Paul Cheon took second place with a Korlash Control deck featuring Korlash, Shadowmage Infiltrator, Teferi, and Triskelavus. I had everything - except that I was short three Korlash, Heir to Blackblade and a couple River of Tears.
Celso Zampere won the GP with a G/W Tarmogoyf deck
Even Guillaume Wafo-tapa’s Wild Pair Slivers deck included a couple rares I did not own. More importantly, I was somewhat hesitant to play a combo deck I did not design. Combo decks require a ton of practice, and I get really bored playing someone else’s. Besides, I had traded away a lot of my slivers. I had also played a R/G Wild Pair deck, and was looking for something new.
No matter which way I went, I was looking at a bunch of expensive rares — unless I was willing to play White Weenie (which made Top 8 at just one PTQ — a fluke, I believe.) Even fringe decks, like Evan Erwin’s Mono-Black control, ran a playset of Korlashes.
Eventually, I decided that I was going to shell out a ton of tickets for Tarmogoyfs. They looked to be the heart of the best aggro deck around, and they also look like the sort of card that will be played in Extended forever. I expect to be playing them for a long time.
I should have waited. The price is falling significantly. It’s because of Slivers — and if you are thinking about playing Tarmogoyfs in an upcoming PTQ, you need to think about that.
As I built the deck, I was watching the other events, and reading all the how-to articles and tournament reports I could find. Here’s what I concluded.
The must haves:
Serra Avenger was now in dispute. Zampere ran four, but other writers and players were concerned that, by the time you reliably had double White, you could play Calciderm, etc. — and that the untargetability of the Calciderm was important. I like both — but I like Angel more.
Also in dispute was the two-drop. Riftsweeper was important when Aeon Chronicler was huge, and Detritivore common. They are both less frequent now. I have seen people replacing them with everything from Mire Boa to Kavu Predator (usually in decks splashing Red for Fiery Justice).
Mystic Enforcer is also under debate, because Blue opponents run Take Possession. Personally, I think that is symptomatic of The Fear — but since I only have two copies online, I only ran two.
My exact build is not important. What is important is what happened when I took it into the Tournament Practice room. I got smashed.
Really, really smashed.
People had been playing with Wafo-Tapa’s Slivers deck — and combining it with “tech” from Pro Tour: San Diego. PT: SD was Limited, and Two-Headed Giant, but it proved to the world that poison Slivers were real — and that Slivers could be fast. Wafo-Tapa’s Slivers were aggro control. People rebuilt his slivers into a true aggro deck. Here are the main changes.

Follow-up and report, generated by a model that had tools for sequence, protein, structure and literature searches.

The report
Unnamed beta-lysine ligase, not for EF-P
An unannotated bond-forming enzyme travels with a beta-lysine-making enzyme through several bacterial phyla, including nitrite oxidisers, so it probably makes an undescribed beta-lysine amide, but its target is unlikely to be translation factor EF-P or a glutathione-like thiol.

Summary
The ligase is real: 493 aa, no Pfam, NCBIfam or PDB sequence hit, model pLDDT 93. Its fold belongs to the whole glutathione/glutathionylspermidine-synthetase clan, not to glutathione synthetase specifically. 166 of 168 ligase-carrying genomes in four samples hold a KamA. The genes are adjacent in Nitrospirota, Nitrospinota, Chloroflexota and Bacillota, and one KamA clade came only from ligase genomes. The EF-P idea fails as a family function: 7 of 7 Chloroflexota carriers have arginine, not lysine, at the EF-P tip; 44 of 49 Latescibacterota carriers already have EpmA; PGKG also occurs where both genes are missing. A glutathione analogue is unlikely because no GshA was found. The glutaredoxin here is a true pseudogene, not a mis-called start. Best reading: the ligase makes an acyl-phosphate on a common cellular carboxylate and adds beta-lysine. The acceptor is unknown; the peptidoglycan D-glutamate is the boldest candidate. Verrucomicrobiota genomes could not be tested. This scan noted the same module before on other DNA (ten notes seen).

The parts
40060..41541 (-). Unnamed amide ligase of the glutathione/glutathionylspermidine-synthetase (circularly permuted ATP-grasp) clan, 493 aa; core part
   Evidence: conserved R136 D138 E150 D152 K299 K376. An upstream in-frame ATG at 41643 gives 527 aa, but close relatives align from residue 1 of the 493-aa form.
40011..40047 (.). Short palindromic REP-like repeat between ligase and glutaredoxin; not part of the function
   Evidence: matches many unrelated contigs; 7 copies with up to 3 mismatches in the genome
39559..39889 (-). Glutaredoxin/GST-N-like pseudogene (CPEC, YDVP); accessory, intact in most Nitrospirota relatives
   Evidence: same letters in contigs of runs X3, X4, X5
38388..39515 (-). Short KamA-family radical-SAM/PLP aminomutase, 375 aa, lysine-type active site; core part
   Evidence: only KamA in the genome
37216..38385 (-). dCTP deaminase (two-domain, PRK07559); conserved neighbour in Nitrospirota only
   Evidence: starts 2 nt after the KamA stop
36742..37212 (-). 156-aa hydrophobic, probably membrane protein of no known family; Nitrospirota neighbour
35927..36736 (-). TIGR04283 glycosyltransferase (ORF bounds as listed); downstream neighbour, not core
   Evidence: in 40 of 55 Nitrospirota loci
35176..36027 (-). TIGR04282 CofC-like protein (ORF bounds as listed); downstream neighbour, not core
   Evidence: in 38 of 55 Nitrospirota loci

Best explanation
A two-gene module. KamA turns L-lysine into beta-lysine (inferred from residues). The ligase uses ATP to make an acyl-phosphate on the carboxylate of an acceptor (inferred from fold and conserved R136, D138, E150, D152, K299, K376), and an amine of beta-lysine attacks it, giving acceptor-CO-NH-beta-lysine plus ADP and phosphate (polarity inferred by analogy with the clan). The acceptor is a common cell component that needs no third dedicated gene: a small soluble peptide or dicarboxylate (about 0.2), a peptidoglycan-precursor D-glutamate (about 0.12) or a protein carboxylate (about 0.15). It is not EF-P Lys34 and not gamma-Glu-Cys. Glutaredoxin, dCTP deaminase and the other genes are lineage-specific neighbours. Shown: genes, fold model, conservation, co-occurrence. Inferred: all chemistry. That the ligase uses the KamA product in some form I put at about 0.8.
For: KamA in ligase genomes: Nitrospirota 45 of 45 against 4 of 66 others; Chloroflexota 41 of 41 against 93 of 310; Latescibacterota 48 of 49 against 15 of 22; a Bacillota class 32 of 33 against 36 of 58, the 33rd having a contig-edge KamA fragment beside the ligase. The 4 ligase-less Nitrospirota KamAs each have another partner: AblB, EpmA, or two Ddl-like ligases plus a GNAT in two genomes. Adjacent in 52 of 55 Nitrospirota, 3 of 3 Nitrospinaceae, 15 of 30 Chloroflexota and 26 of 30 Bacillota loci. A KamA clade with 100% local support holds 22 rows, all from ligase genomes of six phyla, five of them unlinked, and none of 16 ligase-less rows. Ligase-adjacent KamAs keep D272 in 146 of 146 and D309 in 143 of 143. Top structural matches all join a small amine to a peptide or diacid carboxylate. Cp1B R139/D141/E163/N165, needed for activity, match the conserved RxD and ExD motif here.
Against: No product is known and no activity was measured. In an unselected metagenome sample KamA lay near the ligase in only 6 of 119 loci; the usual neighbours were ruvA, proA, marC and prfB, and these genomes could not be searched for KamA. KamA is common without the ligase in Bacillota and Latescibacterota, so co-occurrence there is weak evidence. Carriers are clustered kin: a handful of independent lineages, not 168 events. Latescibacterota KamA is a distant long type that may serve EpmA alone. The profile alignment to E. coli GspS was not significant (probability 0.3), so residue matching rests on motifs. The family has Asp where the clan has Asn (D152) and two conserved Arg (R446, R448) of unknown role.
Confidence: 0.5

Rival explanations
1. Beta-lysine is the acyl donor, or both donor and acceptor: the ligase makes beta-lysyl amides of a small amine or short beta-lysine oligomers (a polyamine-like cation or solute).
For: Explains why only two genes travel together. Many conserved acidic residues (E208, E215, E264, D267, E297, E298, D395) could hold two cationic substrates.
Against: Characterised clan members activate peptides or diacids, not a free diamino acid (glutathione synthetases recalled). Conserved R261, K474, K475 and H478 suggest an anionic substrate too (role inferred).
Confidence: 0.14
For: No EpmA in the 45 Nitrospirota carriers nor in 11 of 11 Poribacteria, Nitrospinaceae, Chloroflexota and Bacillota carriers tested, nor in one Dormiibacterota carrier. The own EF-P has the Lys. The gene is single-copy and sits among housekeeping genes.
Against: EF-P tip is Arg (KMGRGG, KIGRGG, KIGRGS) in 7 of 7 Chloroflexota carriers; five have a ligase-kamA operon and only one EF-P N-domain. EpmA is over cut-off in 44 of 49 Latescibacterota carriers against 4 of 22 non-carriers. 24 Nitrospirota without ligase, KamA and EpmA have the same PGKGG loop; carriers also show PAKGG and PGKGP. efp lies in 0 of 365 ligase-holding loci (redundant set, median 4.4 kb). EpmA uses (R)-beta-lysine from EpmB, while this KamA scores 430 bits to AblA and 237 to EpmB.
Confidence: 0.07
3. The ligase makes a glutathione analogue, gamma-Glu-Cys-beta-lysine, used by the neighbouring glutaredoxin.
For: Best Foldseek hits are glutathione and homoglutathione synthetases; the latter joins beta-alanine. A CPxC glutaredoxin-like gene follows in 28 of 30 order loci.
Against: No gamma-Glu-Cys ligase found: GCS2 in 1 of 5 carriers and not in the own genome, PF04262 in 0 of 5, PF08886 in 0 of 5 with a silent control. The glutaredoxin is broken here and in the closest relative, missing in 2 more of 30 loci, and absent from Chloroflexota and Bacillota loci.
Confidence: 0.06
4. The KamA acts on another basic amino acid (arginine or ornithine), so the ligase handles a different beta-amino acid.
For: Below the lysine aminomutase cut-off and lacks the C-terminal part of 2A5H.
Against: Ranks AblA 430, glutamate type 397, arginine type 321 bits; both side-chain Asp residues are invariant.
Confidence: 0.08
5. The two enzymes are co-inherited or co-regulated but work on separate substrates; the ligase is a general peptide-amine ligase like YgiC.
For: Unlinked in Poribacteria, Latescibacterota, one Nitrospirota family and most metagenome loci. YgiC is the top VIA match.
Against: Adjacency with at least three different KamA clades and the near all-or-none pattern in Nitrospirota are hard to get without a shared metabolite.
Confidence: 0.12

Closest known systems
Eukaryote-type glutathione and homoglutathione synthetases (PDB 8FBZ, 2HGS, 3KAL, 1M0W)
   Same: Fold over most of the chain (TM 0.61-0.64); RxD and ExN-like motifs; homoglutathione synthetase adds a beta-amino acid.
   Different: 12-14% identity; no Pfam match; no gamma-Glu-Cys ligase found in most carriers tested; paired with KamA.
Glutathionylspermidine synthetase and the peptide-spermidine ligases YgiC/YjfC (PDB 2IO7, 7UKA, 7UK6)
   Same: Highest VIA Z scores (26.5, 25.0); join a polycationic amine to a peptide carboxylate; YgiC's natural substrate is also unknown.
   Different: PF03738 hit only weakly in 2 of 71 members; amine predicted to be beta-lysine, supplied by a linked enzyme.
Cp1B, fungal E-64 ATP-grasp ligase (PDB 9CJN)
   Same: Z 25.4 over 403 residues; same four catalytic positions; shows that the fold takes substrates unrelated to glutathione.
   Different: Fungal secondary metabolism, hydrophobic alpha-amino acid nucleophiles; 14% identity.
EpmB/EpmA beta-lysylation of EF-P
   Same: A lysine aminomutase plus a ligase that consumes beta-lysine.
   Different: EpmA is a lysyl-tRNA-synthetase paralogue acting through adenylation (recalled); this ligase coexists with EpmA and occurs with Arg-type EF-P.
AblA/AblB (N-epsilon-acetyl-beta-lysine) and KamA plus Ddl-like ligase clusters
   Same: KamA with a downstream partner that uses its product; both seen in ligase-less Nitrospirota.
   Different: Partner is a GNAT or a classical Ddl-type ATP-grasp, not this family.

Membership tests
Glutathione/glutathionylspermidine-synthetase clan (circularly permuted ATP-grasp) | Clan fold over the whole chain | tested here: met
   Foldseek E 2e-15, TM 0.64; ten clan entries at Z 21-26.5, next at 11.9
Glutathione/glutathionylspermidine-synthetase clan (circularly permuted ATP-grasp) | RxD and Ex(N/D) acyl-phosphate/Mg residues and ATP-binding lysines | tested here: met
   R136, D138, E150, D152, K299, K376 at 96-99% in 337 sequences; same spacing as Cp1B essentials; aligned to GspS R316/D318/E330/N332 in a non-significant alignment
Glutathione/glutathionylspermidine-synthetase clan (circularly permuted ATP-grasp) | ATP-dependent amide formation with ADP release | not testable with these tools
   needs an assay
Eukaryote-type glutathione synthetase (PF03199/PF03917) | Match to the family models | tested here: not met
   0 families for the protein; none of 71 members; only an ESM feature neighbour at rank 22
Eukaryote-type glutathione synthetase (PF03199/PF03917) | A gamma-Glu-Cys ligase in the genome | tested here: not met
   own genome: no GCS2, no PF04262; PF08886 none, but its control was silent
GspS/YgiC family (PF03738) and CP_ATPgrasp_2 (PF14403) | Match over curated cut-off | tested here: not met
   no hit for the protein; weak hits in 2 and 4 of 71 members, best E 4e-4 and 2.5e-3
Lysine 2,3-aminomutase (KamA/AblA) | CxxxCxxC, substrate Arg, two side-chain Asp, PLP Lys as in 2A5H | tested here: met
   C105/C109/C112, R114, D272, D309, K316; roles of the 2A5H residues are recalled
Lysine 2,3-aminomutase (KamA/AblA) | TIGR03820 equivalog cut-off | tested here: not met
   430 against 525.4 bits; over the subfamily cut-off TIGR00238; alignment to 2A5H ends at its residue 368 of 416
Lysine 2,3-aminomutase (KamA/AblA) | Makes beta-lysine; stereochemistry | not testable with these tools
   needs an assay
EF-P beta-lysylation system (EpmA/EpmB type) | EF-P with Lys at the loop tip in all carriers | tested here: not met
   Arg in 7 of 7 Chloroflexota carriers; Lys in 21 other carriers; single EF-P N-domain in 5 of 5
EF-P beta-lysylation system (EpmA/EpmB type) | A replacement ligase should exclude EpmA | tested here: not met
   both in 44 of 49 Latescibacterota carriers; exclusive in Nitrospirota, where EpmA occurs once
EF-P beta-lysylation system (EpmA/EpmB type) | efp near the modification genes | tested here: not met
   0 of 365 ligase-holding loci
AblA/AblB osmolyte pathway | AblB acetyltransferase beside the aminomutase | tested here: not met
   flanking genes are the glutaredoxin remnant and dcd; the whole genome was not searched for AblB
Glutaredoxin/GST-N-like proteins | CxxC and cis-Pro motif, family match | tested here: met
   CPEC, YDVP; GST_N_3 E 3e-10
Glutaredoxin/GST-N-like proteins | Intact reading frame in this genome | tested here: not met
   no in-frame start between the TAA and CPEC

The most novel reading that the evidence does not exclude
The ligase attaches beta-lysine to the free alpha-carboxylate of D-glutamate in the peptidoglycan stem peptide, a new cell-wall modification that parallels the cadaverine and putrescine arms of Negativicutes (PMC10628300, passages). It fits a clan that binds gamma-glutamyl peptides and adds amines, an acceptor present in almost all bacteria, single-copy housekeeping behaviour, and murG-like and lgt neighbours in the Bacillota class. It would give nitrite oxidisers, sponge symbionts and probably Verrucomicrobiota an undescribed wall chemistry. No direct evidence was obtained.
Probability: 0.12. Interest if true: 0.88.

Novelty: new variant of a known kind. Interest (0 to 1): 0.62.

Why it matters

Second, the haste provided by Reflex Sliver was replaced by the one mana cheaper Firewake Sliver. Firewake also provided a means of sacrificing Dormant Slivers. Dormants are amazing card advantage, but they do prevent beatdown. Firewake turns the “we gots walls” ability into “we get +2/+2.”
Might Sliver, Mystic Snake, and Wall of Roots all went away, to be replaced by one-mana Slivers, like Shrieking Sliver and Virulent Sliver. Two-Headed Sliver showed up to make sure that the weenies kept getting through. Suddenly the deck went from quite slow to very fast.
More importantly, the slivers deck can win by poison very, very quickly. It can do stupid stuff, like drop some Gemhides then Bust all the lands. It can dodge Damnations with Frenetic Slivers. Most importantly, in the mid or late game, if it gets a couple Dormant Slivers into play, it can outdraw any deck in the format.
It is hard to overestimate how bad the Poison Slivers matchup is for G/W Tarmogoyf. It is just terrible. I playtested against someone fresh of a good PTQ result with G/W Goyf, while I had just thrown together the slivers deck. I won something like 90 percent of the games before sideboarding.
Post sideboard it does not get much better. The Slivers deck goes up to four Telekinetics — seven with the Homing Slivers. G/W Goyf may have Sunlances, but Frenetic Sliver means those actually kill a Telekinetic only some of the time. G/W Goyf may have Serrated Arrows as well, but Harmonic Sliver means that the Arrows may only hit once.
Even if G/W brings in something really strange — like Magus if the Moat — Slivers still wins. It just decks G/W with Screeching Sliver’s ability.
One possible piece of Tech — Crovax. That was my brainstorm this morning, and I have not had time to test this at all, but Crovax may solve the problem. It kills about two-thirds of the slivers, including the Gemhides, Screechings, and Virulents. That’s the decks’ main mana supply and win conditions.
In my first dozen matches online with my brand-new, many ticket Tarmogoyf deck, I faced Poison Slivers maybe eight times — and lost all the matches. I could steal a game here or there — but I had to be really lucky to get that.
After that, I shelved my efforts to get bargains on the last couple Horizon Canopies and Enforcers, and looked at how to beat the blasted Slivers decks.
The control decks can do this some of the time — but if Slivers gets a really fast start, it wins. If it does not get a fast start, it will eventually draw five billion cards off a Dormant Sliver. The matchups kept feeling like it came down to coin flips involving Damnations and Frenetic Slivers. I was not too excited about that — and I’ll let someone else write about those matchups in depth.